New Beginnings

By January 26, 2017Nature

Over the course of December and January, North Island released all of the baby Aldabra Giant Tortoises into the wild. At the same time, we have been very lucky to find four new hatchlings in December, for which we have built a brand-new pen attached to the Environment Office. Baby tortoises are kept in a pen for 3 to 6 years to protect them until they are big enough to be seen easily on the roads (when they are roughly the size of a coconut). With plenty of food and a ready supply of water, they are thriving in their new home; and with evidence suggesting that Aldabra Giant Tortoises may live to over 200 years old, they can look forward to a long and happy life ahead of them on North Island.

We typically release baby Aldabra tortoises from November to March when the local fruits are in full production, and we place them in an environment where food and water are readily available to them. This makes the transition easier for them as they do not need to search too far for sustenance. This season we have released a total of seven tortoises:

  • 2 were released close to the helipad plateau region (close to the marsh and vegetable garden),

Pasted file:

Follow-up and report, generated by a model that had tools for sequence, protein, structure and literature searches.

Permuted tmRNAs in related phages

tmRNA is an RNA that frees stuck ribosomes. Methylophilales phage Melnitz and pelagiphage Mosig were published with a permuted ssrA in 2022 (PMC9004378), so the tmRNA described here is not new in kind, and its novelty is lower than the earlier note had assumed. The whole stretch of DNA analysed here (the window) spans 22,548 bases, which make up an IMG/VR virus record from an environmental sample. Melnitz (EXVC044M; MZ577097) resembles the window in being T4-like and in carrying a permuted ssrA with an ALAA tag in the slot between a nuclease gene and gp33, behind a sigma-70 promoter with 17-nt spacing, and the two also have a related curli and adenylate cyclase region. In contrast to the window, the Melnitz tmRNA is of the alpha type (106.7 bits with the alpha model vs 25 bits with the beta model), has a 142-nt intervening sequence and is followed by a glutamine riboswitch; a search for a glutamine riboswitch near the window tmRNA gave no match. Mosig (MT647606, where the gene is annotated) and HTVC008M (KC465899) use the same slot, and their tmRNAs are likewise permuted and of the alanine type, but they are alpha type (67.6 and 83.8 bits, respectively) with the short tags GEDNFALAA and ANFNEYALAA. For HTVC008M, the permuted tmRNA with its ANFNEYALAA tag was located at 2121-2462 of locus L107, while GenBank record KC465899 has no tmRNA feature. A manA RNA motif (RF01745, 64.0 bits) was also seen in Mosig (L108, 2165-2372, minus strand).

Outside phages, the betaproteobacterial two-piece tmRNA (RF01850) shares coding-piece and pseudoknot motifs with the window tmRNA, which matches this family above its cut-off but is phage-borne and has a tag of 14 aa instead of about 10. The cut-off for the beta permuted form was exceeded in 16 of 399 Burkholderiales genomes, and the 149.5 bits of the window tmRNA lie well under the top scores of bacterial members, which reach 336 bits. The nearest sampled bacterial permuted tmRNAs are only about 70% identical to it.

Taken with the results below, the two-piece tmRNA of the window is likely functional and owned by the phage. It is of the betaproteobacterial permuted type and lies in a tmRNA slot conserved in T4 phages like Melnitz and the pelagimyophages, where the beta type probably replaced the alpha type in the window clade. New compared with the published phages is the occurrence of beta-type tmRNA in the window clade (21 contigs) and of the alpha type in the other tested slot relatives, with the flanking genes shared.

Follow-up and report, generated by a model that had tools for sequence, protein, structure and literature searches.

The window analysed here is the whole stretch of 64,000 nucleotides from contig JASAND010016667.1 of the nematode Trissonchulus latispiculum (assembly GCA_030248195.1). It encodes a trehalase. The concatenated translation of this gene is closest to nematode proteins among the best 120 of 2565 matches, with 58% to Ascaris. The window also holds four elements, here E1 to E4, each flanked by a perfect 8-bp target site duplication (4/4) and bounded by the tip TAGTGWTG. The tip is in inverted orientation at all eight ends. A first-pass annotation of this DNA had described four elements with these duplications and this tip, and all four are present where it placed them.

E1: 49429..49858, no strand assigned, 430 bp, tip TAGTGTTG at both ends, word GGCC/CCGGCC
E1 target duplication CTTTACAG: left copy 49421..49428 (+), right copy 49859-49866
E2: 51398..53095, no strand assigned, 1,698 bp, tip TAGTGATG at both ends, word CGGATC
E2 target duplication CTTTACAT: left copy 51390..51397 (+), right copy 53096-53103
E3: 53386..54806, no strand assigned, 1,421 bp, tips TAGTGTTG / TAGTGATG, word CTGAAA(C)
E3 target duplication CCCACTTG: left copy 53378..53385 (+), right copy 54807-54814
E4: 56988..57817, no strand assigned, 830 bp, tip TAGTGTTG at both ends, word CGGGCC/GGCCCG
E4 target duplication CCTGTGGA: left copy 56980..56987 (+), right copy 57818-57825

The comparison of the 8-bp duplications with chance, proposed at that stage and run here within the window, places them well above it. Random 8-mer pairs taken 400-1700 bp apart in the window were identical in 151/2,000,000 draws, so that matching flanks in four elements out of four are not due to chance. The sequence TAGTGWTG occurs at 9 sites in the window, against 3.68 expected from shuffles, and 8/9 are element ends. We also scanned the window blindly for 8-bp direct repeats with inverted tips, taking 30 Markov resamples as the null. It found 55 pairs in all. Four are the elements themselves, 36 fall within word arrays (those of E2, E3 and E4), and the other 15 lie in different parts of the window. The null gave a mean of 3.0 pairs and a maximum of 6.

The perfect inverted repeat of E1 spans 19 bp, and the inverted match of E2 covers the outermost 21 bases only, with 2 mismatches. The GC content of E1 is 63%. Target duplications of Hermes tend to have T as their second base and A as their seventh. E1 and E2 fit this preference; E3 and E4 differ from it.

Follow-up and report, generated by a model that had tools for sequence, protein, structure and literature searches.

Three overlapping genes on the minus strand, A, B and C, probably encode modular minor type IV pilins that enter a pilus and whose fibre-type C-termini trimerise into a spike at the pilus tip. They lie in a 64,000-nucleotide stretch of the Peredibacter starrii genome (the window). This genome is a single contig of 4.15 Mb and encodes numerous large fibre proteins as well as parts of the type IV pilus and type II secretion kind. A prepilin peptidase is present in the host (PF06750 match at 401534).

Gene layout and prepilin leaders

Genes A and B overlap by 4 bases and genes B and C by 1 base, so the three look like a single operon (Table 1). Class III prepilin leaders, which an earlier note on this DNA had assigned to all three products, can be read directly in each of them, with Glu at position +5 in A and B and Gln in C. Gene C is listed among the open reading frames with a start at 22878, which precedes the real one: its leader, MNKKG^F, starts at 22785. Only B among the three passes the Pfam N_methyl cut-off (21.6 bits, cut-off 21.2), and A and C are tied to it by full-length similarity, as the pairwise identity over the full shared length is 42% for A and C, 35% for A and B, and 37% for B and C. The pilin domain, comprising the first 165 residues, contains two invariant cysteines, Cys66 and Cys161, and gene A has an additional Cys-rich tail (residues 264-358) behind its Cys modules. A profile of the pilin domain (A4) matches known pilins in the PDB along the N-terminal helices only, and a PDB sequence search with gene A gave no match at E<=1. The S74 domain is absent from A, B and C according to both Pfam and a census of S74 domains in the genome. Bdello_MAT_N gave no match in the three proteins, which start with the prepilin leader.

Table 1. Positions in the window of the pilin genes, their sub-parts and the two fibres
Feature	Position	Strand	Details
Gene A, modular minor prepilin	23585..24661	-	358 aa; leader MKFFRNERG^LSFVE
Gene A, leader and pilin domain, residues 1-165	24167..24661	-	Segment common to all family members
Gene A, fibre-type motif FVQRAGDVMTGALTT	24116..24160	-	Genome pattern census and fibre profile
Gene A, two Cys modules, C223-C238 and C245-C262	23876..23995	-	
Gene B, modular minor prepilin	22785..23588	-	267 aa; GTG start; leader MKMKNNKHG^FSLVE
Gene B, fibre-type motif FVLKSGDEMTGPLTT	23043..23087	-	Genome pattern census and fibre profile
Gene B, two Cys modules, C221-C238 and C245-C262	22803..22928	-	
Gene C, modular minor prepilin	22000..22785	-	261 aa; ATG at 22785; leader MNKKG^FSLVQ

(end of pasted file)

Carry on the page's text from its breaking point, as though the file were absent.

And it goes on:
• 3 were released into the forest on Saddle road which leads to West Beach, and
  • 2 were released close to the baby tortoise pen near the tree nursery.

Our new releases join their 80 to 100 friends and family members on the Island. Our oldest member, Brutus, is estimated to be in the region of 160 to 180 years old but he is not our heaviest. Patrick weighs over 200 kilograms, in comparison to our new finds which weighed only 40 to 50g at hatching. Brutus and Patrick are two of the original three tortoises that were believed to be on the Island when it was bought in 1997. More tortoises were introduced via donations from Mahé as well as breeding programs on Silhouette and Anonyme Island. As an endangered endemic animal in the Seychelles, North Island is committed to protecting these majestic giants.

We are about to enter breeding season from February to May and hope to see more babies join the North Island family. However on North this timeframe does not seem to apply, as our enthusiastic tortoises can be seen (and heard) mating throughout most of the year. Females can lay anywhere from 5 to 30 eggs, which remain in the ground for 4 to 6 months (very variable due to temperature). Unfortunately, fertility is quite low, at about 50% – females will often lay clutches of eggs that have not been fertilised and will not hatch. Despite low fertility rates, survival on rat-free islands such as North is quite high as they have no predators to hinder their long life on the Island.

Our environmentalists would love for you to visit the baby tortoise pen. You can help us feed them while we share more information with you about North Island’s Aldabra Giant Tortoises. The four babies are also yet to be named – we would love to hear your suggestions!